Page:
“Be honest with people about what you’re struggling with and ask for help. I’m now on my 4th startup, and I’ve gotten to be very transparent about what I’m struggling with. When I started my first startup, whenever people asked me how things were going, I’d always respond with “awesome!” If you keep doing that, then your network can’t help you. So get out there and start talking about what you’re struggling with!
People always talk about women having the imposter syndrome. I think the imposter syndrome gets a bad rap. I have felt like an imposter most of my life and I think it’s great. It means that I’m learning and growing. These days, once I feel comfortable in a role, I realize it might be time to leave because I’m stagnating. I say lean into the imposter syndrome.”
Samantha Snabes, Co-founder, re: 3D
re: 3D is the creators of Gigabot, an industrial human-scale 3D printer that prints from plastic recyclables creating access to local and sustainable manufacturing material, which decimates costs and scales barriers in additive manufacturing. @re3Dprinting
“I think a great mentality that our team has which has allowed us to get to where we are is shooting for lofty goals, no matter how insurmountable the challenge may seem. You eat an elephant a bite at a time, and that’s a state of mind that helps us tackle big projects that others may have written off as impossible, like our current R&D project of creating a 3D printer that will use recycled plastic trash as feedstock.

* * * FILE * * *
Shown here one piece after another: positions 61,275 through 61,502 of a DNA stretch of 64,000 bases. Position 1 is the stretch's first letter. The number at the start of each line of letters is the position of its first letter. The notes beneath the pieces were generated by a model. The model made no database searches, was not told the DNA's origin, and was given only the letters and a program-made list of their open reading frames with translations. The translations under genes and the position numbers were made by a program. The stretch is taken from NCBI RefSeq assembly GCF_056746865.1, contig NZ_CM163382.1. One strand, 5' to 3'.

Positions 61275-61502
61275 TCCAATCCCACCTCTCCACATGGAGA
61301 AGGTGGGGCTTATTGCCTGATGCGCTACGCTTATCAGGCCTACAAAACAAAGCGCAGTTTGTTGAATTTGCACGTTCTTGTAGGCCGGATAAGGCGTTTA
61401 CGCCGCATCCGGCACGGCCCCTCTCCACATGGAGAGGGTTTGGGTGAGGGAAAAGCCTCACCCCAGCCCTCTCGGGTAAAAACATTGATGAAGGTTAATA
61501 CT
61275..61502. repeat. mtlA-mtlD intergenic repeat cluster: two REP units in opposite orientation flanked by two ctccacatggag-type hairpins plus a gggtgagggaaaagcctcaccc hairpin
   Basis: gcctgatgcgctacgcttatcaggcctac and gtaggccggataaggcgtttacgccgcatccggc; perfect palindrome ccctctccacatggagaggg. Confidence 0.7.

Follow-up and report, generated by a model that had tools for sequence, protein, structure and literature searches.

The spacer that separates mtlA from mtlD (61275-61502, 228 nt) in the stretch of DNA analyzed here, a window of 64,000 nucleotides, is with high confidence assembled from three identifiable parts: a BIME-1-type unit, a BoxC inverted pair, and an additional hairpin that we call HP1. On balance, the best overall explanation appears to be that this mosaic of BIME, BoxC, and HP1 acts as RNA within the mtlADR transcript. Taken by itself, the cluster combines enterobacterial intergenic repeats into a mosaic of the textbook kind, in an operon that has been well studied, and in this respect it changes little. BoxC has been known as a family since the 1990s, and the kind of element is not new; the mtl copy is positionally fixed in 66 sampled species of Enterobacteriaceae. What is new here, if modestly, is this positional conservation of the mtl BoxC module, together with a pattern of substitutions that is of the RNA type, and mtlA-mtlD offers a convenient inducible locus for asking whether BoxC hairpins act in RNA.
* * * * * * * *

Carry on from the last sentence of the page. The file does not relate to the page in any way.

The same advice can go for women in tech and STEM fields – you are every bit as qualified as anyone else, so set your sights high and take things one step at a time. The world needs big dreamers and people who will execute on a vision.
Sharmi Albrechsten, CEO, SmartGurlz Inc.
SmartGurlz is developing self-balancing robots and action dolls that encourage girls to learn to code. @SmartGurlzWorld
“Whether it’s negotiating a deal, salary, or agency, contracts are at the center of our business. While there are many ways to approach a negotiation, the choices you make can have a huge impact on your business and its bottom line.
My advice is to always look at how the contract can be ended (especially if you are the client). I have had expensive ‘lessons’ where I was stuck in a 6-month contract with an agency and while we were both clearly unhappy – but I was bound to the bitter end.”
Teri Dankovich, founder of Folia Water
Folia Water is a water filtration system made up of a single sheet of paper, which can provide 50 liters of safe water for 50 cents a sheet. @foliawater
“Imagine what success looks like as a business owner in a few years in the future, and then figure out what you need to do to get there. Ask other scientist-run startups for advice on how to get started and how to grow your business. Find more experienced business and technical people in your verticals for advisors. Create a community of other startup founders to share your wins and loses with. Be patient.”
Join the conversation around #WomeninScience by attending the U.S. Chamber of Commerce Foundation’s 2018 International Women’s Day Forum on March 6-7. Learn more here.